As I did with the Hollywood juniper, I’m going to place the main branches and trunk first and then wire the secondary’s.
How’s that?
Like a boss, right?
I’m a like a bonsai rockstar…..
‘Ya feelin’ me?
Sorry, got carried away there.
Won’t happen again.
Back to the tree….
Time for some Jin
I was waiting to kill off this branch until after I bent the other two, just in case I broke them.
And you must agree, a juniper just needs some proper deadwood.
Now the wiring…
For reference
Side view:
Rear view:
Dramatic photoshopped Instagram view:
(@adamaskwhy…..look me up)
Before all the work:
And after:
Actually, that’s not quite right, it needs to be tilted a bit like so….
This being the very first styling, the tree is, of course, very rough, but it has good bones now; the structure is set and it just needs to fill in now.
The foliage pads will be pulled in tighter and present more of a canopy.
Though I like to see inside the tree more than how some of the more modern juniper stylings are presented. Especially if there is deadwood, a more natural look wouldn’t have half the tree jinned, sharied and hollowed but have a massive mushroom head on top.
As always, I will update you all on the progress or (hopefully not) the demise if this juniper.

10 thoughts

  1. Actually that reminded me a lot of the evergreens we get out here on the plains, to start with… a lot of them wind up with the short trunks and long upward reaching branches because of conditions here. Some of the older ones wind up with a really dramatic windswept look which I happen to like.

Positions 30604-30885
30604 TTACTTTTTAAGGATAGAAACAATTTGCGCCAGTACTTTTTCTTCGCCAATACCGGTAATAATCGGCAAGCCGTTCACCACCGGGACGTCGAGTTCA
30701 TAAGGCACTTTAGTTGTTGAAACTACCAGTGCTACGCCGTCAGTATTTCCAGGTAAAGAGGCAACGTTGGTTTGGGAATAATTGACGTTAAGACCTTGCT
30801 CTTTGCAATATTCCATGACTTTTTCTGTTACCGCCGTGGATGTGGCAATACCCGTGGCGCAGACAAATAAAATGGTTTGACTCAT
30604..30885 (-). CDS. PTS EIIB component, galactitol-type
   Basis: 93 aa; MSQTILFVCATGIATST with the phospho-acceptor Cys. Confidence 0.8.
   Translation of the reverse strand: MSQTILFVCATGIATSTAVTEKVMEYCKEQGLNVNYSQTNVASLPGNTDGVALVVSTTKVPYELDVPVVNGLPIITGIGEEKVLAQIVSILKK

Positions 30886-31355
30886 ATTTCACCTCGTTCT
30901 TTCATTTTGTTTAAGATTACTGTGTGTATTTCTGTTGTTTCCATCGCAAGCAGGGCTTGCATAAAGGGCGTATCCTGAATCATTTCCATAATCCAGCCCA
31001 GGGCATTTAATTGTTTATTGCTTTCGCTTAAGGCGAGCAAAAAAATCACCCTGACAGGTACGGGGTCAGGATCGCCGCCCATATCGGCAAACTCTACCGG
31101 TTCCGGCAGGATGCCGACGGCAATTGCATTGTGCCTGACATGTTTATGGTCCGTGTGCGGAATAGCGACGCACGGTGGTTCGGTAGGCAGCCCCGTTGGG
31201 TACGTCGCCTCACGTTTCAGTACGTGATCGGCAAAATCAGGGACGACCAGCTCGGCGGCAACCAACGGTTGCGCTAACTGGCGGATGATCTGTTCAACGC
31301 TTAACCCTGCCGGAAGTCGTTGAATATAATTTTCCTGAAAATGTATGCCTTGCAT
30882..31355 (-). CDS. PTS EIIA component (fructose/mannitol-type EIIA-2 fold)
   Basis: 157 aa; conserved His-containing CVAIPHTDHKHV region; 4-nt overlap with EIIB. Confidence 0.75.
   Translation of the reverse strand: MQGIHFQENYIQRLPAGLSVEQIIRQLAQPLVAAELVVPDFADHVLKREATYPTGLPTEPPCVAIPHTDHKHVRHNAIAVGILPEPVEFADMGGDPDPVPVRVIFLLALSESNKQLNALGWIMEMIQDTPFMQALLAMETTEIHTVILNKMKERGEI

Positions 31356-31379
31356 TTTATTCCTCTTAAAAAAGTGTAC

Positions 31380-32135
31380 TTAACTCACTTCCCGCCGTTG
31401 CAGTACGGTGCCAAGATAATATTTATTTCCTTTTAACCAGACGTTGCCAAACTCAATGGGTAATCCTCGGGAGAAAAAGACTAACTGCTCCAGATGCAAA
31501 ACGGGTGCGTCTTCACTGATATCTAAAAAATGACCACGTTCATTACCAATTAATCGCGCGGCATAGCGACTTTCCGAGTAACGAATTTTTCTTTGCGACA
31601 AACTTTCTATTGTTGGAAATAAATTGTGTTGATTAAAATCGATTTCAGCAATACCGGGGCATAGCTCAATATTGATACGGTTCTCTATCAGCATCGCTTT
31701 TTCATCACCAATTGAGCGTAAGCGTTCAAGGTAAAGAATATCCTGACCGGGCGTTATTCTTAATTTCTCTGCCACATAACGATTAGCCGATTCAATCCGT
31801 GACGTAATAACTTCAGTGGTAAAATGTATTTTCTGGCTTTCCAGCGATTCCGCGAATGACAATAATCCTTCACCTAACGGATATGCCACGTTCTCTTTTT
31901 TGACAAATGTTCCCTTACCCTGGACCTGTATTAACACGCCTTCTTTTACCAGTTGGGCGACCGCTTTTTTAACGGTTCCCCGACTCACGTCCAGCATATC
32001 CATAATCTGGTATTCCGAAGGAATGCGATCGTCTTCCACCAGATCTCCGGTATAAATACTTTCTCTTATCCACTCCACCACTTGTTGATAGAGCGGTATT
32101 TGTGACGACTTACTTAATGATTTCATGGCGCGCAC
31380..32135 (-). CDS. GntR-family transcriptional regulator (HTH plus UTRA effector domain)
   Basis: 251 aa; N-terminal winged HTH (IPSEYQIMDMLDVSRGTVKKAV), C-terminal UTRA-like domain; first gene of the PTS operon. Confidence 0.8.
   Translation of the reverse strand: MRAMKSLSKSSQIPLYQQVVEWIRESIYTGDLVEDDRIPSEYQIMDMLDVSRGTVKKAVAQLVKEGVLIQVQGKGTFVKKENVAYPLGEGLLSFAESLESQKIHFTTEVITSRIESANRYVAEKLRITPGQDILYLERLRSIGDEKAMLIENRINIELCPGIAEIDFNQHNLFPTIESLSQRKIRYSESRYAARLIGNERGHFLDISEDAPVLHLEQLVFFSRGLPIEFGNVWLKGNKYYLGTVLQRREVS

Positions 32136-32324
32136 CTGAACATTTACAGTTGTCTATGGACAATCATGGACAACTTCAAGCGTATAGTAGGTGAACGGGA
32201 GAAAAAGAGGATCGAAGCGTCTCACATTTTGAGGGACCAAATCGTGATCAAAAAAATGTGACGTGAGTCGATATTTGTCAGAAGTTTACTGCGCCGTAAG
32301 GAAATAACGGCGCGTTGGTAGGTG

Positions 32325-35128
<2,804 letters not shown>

Granted I’m not entirely certain how I’d have pulled off a styling for that look with the three branches you had, but it is a look I like even if it’s not “correct” for evergreen bonsai 😛

    (Unrelated note, the Fukien Tea that you gave me advice on a while back is doing well in the six inch pot. Haven’t seen a whole lot of outgrowth but the leaves are healthy and it’s given me lots of flowers and berries. I’m content with the signs that Tiny Tim is healthy and can wait for more growth.)


  2. Do you have any long term experience with that S-A tape? Meaning, have the branches survived after several months of taping? I would wonder if the heat generated under that black tape in our hot Florida sun would do any damage?


    1. I know that Pedro Morales uses it in Puerto Rico and has had no problems. It could also be argued that it actually insulates and protects the branch, it’s that thick.
      It’s been used around the world in hot places from Italy, Indonesia, Taiwan etc that I’m not too worried.
      But it’s a very good question.


  3. A very good presentation, Adam. I wish I could see you in action with that branch bender – probably like going through the gears in a grad prix? I still want to make one of those benders one day to help me. Any chance you could sketch one out some day with some dimensions? And I’m going to keep my eye peeled for some of that tape the next time I go to a store – that could become handy in a lot of applications, not just branch bending. Wish I lived closer to you, so I could attend some of your demo’s. *Rock on* & keep the good stuff coming!